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Separating Milk and Water
“Imported dairy products flood Punjab's market, sounding the death-knell for marginal farmers,” says the headline of an article published in a recent issue of Outlook. Thanks to the “glut of imported butter oil and milk powder,” continues the article, Punjab has been turned from “the proverbial land of milk and honey” into “the land of milk, more milk and tears.”
The magazine’s claim is, of course, disingenuous. The phenomenal success of the dairy industry under the charismatic leadership of Dr. Verghese Kurien has culminated in India becoming the world’s largest producer of milk today. One wonders how just 40,000 tonnes of imports, which is all the milk that has been imported according to Outlook’s own account, could lead to a glut in a country that produces 75 million tonnes of its own milk every year.
To be sure, dairy farmers in Punjab and elsewhere are under stress; prices of milk and milk products have experienced a sharp decline during the last year or two. But imports, which were liberalized only on April 1, 2000 and so far amount to less than 0.1 percent of the total consumption, have little to do with this stress. More likely, it is domestic competition that has intensified in recent years. As such, the calls for very large duties on imports by Prakash Singh Badal, the chief minister of Punjab, are misplaced; the duties will do little to alleviate the current plight of his farmers.
That said, it must be acknowledged that the case for fully freeing up India’s imports of dairy products in a relatively short period of time is complex. There is little doubt that eventually we must free up trade in this sector as well: the principle of comparative advantage and the benefits from specialization it implies apply as much to dairy products as to textiles and clothing or automobiles. What is different about the dairy sector in its current state is the adjustment cost of liberalization, both economic and political.
But consider first the case in favor of liberalization. To its credit, the dairy revolution launched via Operation Flood in 1970 has raised the availability of milk in India from 112 grams per-person per-day in 1970-71 to 211 grams in 1998-99. While this is an impressive performance, milk availability remains inadequate for the predominantly vegetarian India. Most diet specialists would advice the vegetarians in India to drink at least 500 grams of milk per day. Add to that the milk needed for making ghee, curd, makkhan, khoya, milk powder and cheese, which currently account for a little more than half of the milk consumption in India. Even adjusting for the population that eats meat, fish and poultry and, therefore, require less milk, these facts imply the need for a much larger quantity of milk than is currently available. Furthermore, given that millions of children still go without any milk because their parents are unable to afford it, the case for bringing milk prices down through cheaper imports seems irrefutable.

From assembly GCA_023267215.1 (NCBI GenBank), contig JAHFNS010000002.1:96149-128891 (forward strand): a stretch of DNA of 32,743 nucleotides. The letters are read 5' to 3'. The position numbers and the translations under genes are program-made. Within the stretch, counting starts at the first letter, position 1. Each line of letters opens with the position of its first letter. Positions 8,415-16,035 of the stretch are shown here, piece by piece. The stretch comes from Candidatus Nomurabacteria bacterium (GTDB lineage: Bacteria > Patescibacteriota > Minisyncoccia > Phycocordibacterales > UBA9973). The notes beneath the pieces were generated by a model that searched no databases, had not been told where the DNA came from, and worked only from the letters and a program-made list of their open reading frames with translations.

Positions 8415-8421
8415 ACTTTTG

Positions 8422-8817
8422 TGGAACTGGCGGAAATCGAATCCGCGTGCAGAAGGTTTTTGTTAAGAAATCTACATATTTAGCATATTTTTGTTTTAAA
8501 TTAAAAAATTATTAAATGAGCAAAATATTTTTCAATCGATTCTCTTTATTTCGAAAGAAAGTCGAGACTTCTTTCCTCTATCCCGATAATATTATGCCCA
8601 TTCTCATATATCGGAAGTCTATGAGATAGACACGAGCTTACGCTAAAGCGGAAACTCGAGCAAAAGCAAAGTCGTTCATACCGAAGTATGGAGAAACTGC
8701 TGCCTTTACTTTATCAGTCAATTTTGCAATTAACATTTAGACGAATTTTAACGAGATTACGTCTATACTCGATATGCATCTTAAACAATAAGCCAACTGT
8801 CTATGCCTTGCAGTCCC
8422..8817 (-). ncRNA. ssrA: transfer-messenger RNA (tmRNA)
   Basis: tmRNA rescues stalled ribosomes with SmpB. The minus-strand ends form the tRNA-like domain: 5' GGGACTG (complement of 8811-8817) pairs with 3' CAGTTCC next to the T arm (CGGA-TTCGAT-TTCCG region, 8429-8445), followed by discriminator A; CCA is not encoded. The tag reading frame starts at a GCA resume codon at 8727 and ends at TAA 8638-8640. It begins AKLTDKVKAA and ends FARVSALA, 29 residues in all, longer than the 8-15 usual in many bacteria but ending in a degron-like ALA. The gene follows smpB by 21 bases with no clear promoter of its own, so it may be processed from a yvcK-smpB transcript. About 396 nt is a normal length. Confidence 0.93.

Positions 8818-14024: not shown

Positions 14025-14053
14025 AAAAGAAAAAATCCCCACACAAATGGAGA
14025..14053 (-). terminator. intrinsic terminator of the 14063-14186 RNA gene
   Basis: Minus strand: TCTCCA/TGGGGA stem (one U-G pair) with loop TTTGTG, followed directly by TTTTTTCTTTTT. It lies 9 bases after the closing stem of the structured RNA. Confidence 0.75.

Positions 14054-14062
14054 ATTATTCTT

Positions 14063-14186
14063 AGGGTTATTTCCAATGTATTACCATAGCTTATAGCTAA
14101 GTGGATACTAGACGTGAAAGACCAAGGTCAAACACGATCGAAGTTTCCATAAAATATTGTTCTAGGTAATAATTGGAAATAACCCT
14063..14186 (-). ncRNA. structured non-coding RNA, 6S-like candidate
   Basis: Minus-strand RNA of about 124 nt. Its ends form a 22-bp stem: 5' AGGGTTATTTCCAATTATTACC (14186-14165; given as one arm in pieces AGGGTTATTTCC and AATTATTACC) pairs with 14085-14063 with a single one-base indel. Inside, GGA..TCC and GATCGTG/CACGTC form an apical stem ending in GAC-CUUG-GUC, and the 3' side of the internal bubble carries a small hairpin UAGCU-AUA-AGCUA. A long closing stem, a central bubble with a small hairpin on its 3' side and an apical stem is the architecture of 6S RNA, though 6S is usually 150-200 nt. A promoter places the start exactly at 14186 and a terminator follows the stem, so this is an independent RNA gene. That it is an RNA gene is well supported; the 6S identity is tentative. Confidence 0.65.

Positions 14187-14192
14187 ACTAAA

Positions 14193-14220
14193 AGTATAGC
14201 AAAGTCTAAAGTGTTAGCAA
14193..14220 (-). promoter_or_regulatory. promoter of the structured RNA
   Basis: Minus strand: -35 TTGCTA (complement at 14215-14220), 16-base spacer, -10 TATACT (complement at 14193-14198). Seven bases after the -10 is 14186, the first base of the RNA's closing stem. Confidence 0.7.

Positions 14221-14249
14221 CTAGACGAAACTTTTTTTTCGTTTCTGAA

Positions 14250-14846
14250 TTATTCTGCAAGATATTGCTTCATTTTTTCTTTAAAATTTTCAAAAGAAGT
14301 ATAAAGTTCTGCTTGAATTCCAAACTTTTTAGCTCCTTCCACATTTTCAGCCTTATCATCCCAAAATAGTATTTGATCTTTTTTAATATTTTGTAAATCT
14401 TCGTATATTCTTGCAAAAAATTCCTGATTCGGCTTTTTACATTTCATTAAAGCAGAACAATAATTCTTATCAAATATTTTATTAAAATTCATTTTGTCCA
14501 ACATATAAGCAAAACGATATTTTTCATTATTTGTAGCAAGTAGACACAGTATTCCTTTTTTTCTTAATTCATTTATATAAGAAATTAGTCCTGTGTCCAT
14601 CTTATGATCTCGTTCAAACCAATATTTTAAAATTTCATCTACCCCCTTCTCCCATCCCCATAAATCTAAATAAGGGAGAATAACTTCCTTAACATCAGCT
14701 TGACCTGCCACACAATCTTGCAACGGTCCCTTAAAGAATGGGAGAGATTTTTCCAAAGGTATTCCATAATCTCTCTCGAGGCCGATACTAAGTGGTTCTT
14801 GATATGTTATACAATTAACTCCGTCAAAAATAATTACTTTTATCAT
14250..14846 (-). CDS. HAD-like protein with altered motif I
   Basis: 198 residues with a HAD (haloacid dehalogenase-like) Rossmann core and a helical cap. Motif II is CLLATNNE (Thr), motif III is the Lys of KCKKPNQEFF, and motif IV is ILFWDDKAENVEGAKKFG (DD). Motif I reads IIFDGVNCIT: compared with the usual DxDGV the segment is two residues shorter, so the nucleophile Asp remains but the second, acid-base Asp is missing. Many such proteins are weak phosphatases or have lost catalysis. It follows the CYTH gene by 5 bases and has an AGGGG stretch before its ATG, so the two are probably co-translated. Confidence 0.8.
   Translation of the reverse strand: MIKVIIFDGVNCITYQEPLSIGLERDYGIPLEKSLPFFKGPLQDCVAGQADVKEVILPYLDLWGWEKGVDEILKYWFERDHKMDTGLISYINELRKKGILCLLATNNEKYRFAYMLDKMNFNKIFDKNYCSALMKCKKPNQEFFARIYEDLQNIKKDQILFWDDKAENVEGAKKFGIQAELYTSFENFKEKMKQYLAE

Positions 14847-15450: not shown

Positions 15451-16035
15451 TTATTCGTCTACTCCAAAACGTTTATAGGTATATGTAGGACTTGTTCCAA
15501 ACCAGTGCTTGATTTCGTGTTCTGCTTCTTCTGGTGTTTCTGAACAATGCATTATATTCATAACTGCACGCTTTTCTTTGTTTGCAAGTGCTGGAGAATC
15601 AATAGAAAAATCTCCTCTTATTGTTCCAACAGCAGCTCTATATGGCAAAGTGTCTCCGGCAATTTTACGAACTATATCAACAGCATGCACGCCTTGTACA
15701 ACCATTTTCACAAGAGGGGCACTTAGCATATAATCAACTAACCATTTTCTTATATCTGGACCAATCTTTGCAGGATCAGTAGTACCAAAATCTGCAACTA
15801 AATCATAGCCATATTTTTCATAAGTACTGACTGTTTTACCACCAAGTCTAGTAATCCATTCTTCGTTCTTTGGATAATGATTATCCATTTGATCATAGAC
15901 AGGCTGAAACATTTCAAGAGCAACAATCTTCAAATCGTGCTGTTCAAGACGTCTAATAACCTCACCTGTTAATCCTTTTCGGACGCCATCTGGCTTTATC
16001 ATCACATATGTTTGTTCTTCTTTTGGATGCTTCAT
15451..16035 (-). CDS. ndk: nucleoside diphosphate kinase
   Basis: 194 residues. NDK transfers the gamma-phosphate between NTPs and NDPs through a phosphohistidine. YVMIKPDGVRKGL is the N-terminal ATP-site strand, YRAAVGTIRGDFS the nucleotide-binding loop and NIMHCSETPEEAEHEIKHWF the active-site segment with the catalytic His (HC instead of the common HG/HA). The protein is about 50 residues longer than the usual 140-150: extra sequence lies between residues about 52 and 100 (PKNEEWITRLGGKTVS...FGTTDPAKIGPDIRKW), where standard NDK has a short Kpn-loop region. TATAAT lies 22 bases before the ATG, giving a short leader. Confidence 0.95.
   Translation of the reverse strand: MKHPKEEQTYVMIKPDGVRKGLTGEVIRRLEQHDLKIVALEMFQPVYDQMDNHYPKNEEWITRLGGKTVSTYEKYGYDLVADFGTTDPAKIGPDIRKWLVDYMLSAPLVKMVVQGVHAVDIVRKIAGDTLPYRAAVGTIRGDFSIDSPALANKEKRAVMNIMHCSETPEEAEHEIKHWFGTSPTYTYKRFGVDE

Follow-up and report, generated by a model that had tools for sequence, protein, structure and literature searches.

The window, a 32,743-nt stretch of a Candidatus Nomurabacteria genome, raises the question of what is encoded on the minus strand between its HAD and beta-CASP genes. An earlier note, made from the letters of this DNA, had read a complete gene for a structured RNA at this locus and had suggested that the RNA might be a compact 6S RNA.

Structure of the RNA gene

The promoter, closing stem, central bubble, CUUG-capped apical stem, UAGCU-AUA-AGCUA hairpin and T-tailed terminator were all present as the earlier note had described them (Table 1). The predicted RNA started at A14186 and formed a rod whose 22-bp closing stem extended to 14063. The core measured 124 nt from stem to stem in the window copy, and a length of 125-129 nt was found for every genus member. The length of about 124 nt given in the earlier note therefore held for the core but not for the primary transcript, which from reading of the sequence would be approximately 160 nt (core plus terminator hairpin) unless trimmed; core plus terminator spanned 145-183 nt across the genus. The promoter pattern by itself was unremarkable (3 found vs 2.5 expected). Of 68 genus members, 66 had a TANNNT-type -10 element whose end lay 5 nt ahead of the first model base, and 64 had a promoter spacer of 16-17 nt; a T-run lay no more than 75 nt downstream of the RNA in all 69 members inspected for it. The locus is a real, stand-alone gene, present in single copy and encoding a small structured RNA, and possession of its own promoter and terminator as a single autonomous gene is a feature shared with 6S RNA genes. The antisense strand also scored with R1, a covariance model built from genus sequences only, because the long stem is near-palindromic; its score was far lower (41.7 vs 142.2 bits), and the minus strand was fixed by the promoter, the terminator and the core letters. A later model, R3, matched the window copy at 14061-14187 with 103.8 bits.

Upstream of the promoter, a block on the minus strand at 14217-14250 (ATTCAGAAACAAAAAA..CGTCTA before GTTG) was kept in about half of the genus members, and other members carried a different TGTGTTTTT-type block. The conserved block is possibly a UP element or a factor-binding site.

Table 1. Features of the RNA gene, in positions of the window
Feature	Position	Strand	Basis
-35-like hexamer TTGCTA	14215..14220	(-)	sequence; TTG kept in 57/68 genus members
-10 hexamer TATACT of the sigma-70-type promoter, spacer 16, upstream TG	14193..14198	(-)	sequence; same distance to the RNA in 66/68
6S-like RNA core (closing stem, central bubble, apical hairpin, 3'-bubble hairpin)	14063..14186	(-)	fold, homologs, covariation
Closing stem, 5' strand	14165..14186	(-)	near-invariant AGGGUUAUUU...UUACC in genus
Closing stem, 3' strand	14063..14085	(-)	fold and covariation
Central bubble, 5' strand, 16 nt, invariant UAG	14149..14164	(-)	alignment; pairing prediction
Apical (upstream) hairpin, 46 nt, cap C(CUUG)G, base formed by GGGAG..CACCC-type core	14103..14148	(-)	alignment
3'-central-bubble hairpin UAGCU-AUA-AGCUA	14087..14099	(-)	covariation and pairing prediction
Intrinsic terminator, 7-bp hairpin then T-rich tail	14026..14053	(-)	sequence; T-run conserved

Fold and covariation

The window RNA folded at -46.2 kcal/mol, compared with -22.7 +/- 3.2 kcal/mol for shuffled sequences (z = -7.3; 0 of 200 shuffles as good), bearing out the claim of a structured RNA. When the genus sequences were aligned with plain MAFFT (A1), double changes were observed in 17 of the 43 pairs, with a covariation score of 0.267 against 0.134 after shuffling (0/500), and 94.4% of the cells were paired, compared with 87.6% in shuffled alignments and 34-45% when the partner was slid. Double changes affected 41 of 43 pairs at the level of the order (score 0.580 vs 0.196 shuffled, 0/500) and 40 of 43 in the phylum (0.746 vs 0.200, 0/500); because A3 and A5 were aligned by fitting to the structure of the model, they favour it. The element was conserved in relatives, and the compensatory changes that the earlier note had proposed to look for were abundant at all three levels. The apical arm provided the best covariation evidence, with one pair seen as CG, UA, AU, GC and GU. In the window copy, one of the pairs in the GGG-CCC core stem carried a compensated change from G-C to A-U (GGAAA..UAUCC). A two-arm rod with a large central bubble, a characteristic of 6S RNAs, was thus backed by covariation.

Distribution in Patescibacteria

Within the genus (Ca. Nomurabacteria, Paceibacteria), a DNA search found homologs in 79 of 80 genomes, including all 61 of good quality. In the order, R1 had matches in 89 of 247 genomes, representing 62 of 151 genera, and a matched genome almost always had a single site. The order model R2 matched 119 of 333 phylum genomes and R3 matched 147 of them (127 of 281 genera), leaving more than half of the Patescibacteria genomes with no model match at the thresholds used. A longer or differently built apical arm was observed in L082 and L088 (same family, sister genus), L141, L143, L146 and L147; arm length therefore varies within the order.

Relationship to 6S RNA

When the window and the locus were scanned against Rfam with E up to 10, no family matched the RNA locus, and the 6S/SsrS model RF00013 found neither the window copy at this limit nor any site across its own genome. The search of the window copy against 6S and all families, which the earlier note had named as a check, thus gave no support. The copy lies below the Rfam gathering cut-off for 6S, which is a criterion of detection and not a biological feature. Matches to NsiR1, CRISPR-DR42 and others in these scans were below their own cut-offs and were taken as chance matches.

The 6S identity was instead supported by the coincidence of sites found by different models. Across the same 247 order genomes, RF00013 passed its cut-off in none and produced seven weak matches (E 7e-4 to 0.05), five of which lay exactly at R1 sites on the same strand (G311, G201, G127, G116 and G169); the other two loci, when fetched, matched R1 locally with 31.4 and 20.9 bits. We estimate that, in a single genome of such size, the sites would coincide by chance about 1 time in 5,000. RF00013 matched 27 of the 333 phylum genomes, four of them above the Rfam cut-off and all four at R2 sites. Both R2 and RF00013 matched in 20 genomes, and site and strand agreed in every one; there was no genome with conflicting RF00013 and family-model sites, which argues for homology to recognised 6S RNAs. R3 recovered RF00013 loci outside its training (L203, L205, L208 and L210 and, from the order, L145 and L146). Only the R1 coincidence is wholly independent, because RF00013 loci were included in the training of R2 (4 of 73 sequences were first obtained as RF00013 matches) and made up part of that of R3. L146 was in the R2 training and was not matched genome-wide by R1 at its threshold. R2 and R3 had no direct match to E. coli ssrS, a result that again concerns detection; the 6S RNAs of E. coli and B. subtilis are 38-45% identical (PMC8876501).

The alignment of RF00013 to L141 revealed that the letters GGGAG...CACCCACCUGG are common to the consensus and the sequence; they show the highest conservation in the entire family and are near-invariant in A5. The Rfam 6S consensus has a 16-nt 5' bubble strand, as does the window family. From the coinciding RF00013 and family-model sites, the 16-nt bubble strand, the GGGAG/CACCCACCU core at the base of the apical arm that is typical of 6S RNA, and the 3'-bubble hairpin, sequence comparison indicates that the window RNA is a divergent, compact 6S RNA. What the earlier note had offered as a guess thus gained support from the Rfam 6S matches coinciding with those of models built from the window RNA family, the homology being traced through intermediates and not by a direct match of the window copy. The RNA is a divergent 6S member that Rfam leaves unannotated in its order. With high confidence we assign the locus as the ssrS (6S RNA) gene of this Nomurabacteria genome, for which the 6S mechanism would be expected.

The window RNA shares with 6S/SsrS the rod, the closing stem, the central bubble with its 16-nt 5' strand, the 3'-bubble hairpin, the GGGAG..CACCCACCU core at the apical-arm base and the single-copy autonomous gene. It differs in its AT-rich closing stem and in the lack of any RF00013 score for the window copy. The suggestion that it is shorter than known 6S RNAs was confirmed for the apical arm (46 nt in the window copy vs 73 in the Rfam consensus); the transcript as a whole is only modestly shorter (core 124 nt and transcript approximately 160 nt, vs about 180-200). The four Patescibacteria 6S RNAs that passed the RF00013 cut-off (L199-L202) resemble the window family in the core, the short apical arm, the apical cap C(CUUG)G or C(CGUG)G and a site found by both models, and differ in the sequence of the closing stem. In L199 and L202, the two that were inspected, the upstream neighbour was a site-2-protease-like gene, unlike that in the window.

Unfortunately, the issue is more complex. Unlike developed countries where milk is produced in big farms of 100 or more cattle on farm, the average farmer in India has just one or two cattle. Most of such cattle owners are small or marginal farmers or landless laborers. In all, nine million of them, spread over 100,000 villages, sell 12 million liters of milk every day to urban consumers. A substantial decline in milk prices through imports will hurt these poor farmers. In all likelihood, production costs of these farmers are higher than the current world prices so that large quantities of imports would displace many of them. Even though some poor people will benefit from lower milk prices, the net impact of imports on poverty is likely to be negative.
In addition to this tension, there is a political-economy factor that pulls policy against free imports. Milk production and exports are subsidized in developed countries. Good economics says that we should enjoy the benefits of such subsidy: if these countries want to give us milk for free (or at throwaway prices), we should gladly take it, providing our children an adequate source of protein and calcium. Yet, politicians are likely to find it difficult to convince domestic industry to accept free flow of subsidized imports.
Thus, to ensure that the adverse impact of liberalization on poverty does not block other, more urgent reforms, pragmatism dictates a compromise solution whereby a modest protection to the domestic dairy industry is provided against milk imports. Contrary to some claims, the government has not tied its hands entirely under the WTO agreement. According to World Bank’s Garry Pursell, a leading trade-policy expert on India, our current WTO obligations require us to import only 10,000 tonnes of powdered milk at a tariff rate of 15%. Beyond this quantity, the tariff rate can rise up to 60%. Taking the interests of consumers and long-term efficiency into account, in my judgment, the tariff rate on out-of-quota imports should be set at approximately 30 percent.
Of course, we should not lose sight of the fact the ultimate goal of the policy should be to lift the small farmers and landless laborers out of their marginal existence. Rather than freeze these individuals in their current employment, which condemns them to living on sales of a few liters of milk every day, we must create better opportunities for them. This means treating the protection to dairy industry as a transition measure.
The ultimate cure for poverty lies in outward-oriented rapid growth that generates high-paying jobs—a prescription that the current President of the World Bank, James Wolfensohn, has chosen to ignore. On the one hand, we must continue with our broad liberalization program and on the other, we must support the launch of a new WTO round that brings an end to agricultural subsidies in the rich countries.
Economic Times, June 21 2000